Monday, March 30th, 2009
The folks in Boston remind us:
The gap of confidence between small companies and big ones is growing. We used to rely on the security of big companies. That’s why we worked for them. And hired them. And put our money in them.
But with the virtual collapse of AIG, Lehman, Citibank, GM, Chrysler, and many more — now even GE is in trouble — all that’s changed. Now it’s a risk to do business with the big ones.
We simply don’t trust companies anymore. We trust people. And in big companies, it’s hard to even find a person to trust as we scream “operator” into our telephones only to get transferred to another menu whose options have changed.
Jason Calacanis, the Donald Trump of the interwebs, has written an adrenalized chest-thumping column on living near the edge.
I’ve been to the precipice and faced the fall a couple of times. I’ve
learned a couple of things from the experience. I can tell you that
the first time it happens, you’re terrified, because everything you’ve
done–all the effort and dreams–will probably be lost (like tears in
The second time it happens, you’re deeply concerned, but know it ain’t
over until you’re splattered on the boulders below.
The third time it happens, you smile and say “let’s get it on!”
WSJ:Anheuser-Busch registered the Budweiser name with the European Commission in 1996. Budvar successfully challenged the registration, and won the case when AB InBev appealed to a board that oversees decisions of the Office of Harmonization for the Internal Market, the parent body of the trademark office.
The Court of First Instance ruled Wednesday that AB InBev couldn’t register the name because it was already being used by Budvar, which submitted copies of ads in German and Austrian magazines for its Budweiser beer from the mid 1990s.
Under European law, AB InBev will have to pay Budvar’s legal costs. A Budvar spokesman couldn’t be reached for comment.
Budvar began producing Budweiser beer in 1895 in the Czech town of Ceske Budejovice, although the company says the name was used in the region for a long time before that. Eberhard Anheuser and Adolphus Busch created their Budweiser brand in 1875 in St. Louis. The companies have been fighting in courts around the world since the 1950s.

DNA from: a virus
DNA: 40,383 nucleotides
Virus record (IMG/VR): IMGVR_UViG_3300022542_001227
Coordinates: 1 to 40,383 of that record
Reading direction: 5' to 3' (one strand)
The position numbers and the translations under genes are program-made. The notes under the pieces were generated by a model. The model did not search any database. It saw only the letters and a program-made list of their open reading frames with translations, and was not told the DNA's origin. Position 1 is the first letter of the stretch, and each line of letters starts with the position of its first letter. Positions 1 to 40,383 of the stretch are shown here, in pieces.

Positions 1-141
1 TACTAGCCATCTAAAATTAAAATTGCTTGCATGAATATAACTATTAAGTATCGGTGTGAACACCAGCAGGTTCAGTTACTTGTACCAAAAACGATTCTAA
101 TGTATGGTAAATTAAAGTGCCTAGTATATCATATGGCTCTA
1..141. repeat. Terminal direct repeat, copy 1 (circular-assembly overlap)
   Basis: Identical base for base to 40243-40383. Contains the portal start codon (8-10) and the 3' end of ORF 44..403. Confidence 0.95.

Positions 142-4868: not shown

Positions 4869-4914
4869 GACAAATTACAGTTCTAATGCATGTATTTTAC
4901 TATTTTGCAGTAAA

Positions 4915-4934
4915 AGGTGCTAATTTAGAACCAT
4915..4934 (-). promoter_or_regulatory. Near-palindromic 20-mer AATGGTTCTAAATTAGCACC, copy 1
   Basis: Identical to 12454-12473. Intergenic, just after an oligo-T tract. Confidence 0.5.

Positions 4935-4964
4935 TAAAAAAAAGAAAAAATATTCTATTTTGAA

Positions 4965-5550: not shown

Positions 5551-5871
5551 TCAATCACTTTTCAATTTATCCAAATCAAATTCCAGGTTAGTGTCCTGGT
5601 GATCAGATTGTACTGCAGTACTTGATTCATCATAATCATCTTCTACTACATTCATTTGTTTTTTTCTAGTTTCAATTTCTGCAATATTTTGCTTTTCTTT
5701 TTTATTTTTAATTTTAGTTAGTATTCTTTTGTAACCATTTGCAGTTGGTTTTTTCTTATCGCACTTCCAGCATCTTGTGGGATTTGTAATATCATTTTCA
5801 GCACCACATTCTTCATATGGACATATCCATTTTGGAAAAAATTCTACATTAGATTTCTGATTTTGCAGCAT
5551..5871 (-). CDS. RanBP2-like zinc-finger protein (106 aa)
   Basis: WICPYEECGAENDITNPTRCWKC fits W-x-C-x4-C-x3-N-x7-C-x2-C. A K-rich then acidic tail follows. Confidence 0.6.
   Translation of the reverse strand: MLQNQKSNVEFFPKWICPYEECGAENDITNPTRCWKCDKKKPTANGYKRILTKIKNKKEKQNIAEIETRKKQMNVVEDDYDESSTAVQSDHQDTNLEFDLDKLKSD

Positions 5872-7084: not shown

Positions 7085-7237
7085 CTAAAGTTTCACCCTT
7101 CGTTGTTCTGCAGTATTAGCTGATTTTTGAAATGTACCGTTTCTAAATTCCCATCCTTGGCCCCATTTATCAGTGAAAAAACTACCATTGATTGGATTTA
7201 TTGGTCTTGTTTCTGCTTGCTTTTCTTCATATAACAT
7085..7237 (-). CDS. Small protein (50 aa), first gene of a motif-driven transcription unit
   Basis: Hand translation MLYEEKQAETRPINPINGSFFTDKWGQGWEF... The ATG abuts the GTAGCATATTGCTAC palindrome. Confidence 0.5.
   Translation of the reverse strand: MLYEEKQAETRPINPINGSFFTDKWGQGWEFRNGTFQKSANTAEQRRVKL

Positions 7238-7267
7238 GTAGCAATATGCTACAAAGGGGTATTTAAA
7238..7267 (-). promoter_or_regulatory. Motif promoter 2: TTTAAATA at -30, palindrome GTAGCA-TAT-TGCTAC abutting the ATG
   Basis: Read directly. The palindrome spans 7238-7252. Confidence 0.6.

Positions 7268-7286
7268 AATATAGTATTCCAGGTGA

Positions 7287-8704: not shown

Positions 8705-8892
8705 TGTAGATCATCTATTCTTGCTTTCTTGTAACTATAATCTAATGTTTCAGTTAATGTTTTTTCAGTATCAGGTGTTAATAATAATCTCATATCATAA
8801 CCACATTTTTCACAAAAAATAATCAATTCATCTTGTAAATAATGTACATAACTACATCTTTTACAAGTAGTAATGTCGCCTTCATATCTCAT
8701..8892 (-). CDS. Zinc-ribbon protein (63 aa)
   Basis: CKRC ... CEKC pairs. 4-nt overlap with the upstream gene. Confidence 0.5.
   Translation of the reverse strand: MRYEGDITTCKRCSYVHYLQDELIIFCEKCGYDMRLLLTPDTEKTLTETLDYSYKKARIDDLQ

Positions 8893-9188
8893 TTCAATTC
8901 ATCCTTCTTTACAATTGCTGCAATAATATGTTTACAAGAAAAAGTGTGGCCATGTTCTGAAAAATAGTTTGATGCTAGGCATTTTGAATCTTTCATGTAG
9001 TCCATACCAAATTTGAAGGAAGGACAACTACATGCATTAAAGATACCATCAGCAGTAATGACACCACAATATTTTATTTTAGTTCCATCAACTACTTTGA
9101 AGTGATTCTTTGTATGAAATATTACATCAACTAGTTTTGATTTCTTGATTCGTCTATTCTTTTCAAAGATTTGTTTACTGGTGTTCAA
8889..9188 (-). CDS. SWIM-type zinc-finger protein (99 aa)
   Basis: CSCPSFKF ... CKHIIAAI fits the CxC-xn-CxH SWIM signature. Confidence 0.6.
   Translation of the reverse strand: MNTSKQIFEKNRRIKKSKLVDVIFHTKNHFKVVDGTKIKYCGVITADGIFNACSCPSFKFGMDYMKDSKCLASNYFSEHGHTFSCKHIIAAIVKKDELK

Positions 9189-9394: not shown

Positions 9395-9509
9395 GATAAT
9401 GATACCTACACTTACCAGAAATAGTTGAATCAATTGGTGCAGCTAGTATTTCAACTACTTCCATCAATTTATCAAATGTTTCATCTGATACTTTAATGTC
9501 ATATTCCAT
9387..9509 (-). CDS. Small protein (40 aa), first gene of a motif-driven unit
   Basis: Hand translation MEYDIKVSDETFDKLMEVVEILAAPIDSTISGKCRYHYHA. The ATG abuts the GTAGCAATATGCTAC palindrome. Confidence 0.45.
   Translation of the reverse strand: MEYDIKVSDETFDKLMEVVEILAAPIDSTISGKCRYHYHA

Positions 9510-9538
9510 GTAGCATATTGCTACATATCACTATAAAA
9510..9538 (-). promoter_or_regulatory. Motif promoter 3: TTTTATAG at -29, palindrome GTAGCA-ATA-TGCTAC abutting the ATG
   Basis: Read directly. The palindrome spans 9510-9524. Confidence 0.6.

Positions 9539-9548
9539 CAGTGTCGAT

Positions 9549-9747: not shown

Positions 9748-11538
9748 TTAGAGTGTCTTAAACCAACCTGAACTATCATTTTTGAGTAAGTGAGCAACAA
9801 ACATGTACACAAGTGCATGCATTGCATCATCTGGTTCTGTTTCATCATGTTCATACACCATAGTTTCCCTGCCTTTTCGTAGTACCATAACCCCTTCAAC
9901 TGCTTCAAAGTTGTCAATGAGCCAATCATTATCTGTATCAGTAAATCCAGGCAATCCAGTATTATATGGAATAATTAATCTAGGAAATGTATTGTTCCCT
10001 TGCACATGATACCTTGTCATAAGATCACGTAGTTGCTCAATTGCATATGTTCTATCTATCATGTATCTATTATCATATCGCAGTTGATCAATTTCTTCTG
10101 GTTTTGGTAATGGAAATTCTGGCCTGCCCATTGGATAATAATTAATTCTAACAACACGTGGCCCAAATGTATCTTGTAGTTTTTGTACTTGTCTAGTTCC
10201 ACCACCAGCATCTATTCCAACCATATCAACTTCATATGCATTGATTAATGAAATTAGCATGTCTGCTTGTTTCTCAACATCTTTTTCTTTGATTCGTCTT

Here’s Geithner’s infamous non-defense of the dollar, when asked about Chinese central bank suggestions to reduce reliance on the dollar as a reserve currency:
“As I understand his proposal, it’s a proposal designed to increase the use of the IMF’s special drawing rights. And we’re actually quite open to that suggestion. But you should think of it as rather evolutionary, building on the current architectures, rather than moving us to global monetary union,” Geithner said during an interview in New York with the Council on Foreign Relations.
“It is very important just to underscore that the future evolution of the dollar’s role in the system depends really primarily on how effective we are in the U.S. in getting not just recovery back on track, our financial system repaired, but we get our fiscal position back to the point where people will judge it as sustainable over time,” he said.
Later in the day, Geithner protested that his comments were misinterpreted and stood firm for a strong dollar. (Anyone know where I can find this text?) Strong currencies don’t have to plead their case.
The bad news is that no currency is safe as central banks print money to fill holes left by worthless securities. The Chinese need to get more of their reserves into gold rather than worrying about SDRs.
The Google search bar helpfully tries to autofill when you’re doing a search. Start typing in the letters h and a and it prompts “haute couture” and “Harry Potter.” I assume this based on the frequency of other searchers’ terms.
Start typing in Geithner, and this is what it prompts:
Is that really what Google searchers are most interested in?
Google’s documentation explains: “As you type a search query into the new Toolbar’s search box, you’ll see a list of useful suggestions based on popular Google searches, spelling corrections and your own Toolbar search history and bookmarks.”
Looking at the results for the “Geithner jewish” search, the fifth is to another blogger’s previous observations on the same disturbing trend.